Bah!  Humbug!

Cratchit puts on his overcoat slowly.  He grabs his hat and moves to exit.  But he can’t.  Head down, he’s frozen, unable to move.

SCROOGE
“Bah humbug?” I kind of like the way that sounds.  Bah.  Humbug.  I’m feeling more like my old self.  Lonely.  Bitter.  Miserable.  A dependable bottle of tropical-flavored antacids within arm’s reach to make sure I sleep through the night.  Bah.  Humbug.

Scrooge opens the bottle, shakes out a couple of tablets, and puts them in his mouth.  He beams.

SCROOGE (CONT’D)
(almost giddy)
I’m back.

Suddenly, Scrooge CHOKES on a tablet.

SCROOGE (CONT’D)
Cratchit!  Help me.  Get over here.  Cra-Cra-Cratchitttttt!

Cratchit turns and watches.  Scrooge GAGS and CHOKES.  It’s a drawn-out, ham-encrusted dying scene worthy of a melodrama.

Scrooge slumps in his chair [or falls on the floor]… dead. Cratchit rushes over and checks Scrooge’s pulse.

Cratchit picks up the bottle and reads the label to himself. Cratchit stares at the audience.

CRATCHIT
Hmm.  Dickens was right.  There appears to be a nasty side effect to being a cheap bastard after all.

Beat.

CRATCHIT (CONT’D)
Here’s the thing: apparently when it’s all over and you die, you die alone, unloved, slumped or fallen, in a ratty old chair or on a cold floor, in the middle of a quiet room.  No more alive or memorable than a lump of coal.  Saddest of all, nobody cares whether you had lived or died.  Out, out brief candle and all that.  Dead as a doornail, to quote the bard.

Cratchit ponders his own comment.

CRATCHIT (CONT’D)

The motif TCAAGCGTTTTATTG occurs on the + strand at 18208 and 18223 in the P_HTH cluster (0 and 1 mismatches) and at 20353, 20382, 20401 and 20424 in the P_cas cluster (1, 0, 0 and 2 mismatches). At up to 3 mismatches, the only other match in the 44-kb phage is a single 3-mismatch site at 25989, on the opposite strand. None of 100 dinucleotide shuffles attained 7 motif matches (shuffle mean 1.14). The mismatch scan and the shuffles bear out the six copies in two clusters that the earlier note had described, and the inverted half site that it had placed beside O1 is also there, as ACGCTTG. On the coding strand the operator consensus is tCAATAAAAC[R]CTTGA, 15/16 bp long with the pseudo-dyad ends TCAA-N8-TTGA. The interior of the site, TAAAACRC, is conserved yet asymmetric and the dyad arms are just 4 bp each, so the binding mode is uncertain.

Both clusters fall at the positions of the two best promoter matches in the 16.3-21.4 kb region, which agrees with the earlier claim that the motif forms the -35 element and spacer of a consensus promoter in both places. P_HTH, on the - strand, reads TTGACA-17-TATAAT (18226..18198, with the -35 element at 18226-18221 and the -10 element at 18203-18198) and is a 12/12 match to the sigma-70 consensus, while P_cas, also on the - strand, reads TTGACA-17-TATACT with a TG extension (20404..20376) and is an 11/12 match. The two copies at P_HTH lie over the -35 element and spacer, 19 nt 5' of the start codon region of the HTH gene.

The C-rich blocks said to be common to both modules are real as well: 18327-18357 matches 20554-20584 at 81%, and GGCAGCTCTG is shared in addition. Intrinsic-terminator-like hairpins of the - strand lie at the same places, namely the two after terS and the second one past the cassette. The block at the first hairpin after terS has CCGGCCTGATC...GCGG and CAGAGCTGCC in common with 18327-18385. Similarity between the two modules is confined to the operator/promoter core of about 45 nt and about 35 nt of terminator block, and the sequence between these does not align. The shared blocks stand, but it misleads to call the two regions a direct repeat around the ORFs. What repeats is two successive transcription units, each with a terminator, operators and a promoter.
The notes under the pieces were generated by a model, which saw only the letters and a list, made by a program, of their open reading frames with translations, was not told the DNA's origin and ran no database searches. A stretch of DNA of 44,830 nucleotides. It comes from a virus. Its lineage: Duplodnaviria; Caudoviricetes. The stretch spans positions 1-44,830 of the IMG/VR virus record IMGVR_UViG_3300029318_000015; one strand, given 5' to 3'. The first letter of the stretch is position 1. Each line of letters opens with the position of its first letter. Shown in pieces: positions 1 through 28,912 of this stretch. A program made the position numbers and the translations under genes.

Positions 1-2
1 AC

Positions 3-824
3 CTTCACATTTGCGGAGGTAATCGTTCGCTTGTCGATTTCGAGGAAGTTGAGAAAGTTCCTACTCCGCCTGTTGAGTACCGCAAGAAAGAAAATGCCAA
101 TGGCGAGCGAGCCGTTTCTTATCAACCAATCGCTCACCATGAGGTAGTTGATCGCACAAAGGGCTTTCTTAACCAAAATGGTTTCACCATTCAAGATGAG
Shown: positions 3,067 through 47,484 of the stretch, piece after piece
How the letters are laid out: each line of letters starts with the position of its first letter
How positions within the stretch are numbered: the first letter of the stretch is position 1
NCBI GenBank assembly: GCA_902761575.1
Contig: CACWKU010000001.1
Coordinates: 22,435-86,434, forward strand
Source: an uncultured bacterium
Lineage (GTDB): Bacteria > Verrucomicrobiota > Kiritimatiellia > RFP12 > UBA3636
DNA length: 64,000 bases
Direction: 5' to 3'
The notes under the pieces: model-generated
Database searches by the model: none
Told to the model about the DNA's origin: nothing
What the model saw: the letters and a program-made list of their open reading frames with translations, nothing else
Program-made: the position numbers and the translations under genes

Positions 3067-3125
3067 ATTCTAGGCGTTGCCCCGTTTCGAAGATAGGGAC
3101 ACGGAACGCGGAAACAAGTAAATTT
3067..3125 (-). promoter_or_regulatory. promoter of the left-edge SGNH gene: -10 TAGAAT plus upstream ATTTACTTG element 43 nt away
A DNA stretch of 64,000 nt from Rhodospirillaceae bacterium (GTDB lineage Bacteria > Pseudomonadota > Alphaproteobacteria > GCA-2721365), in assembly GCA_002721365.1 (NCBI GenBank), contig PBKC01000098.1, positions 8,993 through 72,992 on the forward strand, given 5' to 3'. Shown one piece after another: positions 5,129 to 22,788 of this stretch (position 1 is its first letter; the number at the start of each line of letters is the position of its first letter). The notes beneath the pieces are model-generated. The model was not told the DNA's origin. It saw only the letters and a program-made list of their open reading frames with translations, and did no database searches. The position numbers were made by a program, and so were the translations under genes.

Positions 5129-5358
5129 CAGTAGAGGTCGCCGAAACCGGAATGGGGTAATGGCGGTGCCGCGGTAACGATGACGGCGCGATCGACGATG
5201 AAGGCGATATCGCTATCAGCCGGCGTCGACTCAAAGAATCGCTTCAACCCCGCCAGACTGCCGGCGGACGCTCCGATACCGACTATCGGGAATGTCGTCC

Oh, well.  Chin up.  The sky outside is still clear, the air still brisk.  Fresh snow covers the ground.  Life goes on out there even though there is death in here, inside, behind these very closed doors.  No more tomorrows for Mr. Ebenezer Scrooge, Esquire, I dare say. Hmm.  I suppose I should start boxing up his things to sell.  It is, after all, Boxing Day.  And Mr. Scrooge most certainly didn’t take any possessions with him, try as he might.  Why he, himself, told me to help myself.  Those were his very words.  God helps those who help themselves, he said.

Cratchit starts to box a few items.  He stops and stares at the audience again.

CRATCHIT (CONT’D)
You know, just between you and me, I don’t think Mr. Scrooge ever understood how God helps.  With the exception of one sleepless night, perhaps.  But the rest of his life?  Bah, humbug.

(END OF PLAY)

Advertisements

Leave a Reply

Fill in your details below or click an icon to log in:

WordPress.com Logo

You are commenting using your WordPress.com account. Log Out /  Change )

Google photo

You are commenting using your Google account. Log Out /  Change )

Twitter picture

You are commenting using your Twitter account. Log Out /  Change )

Facebook photo

You are commenting using your Facebook account. Log Out /  Change )

Connecting to %s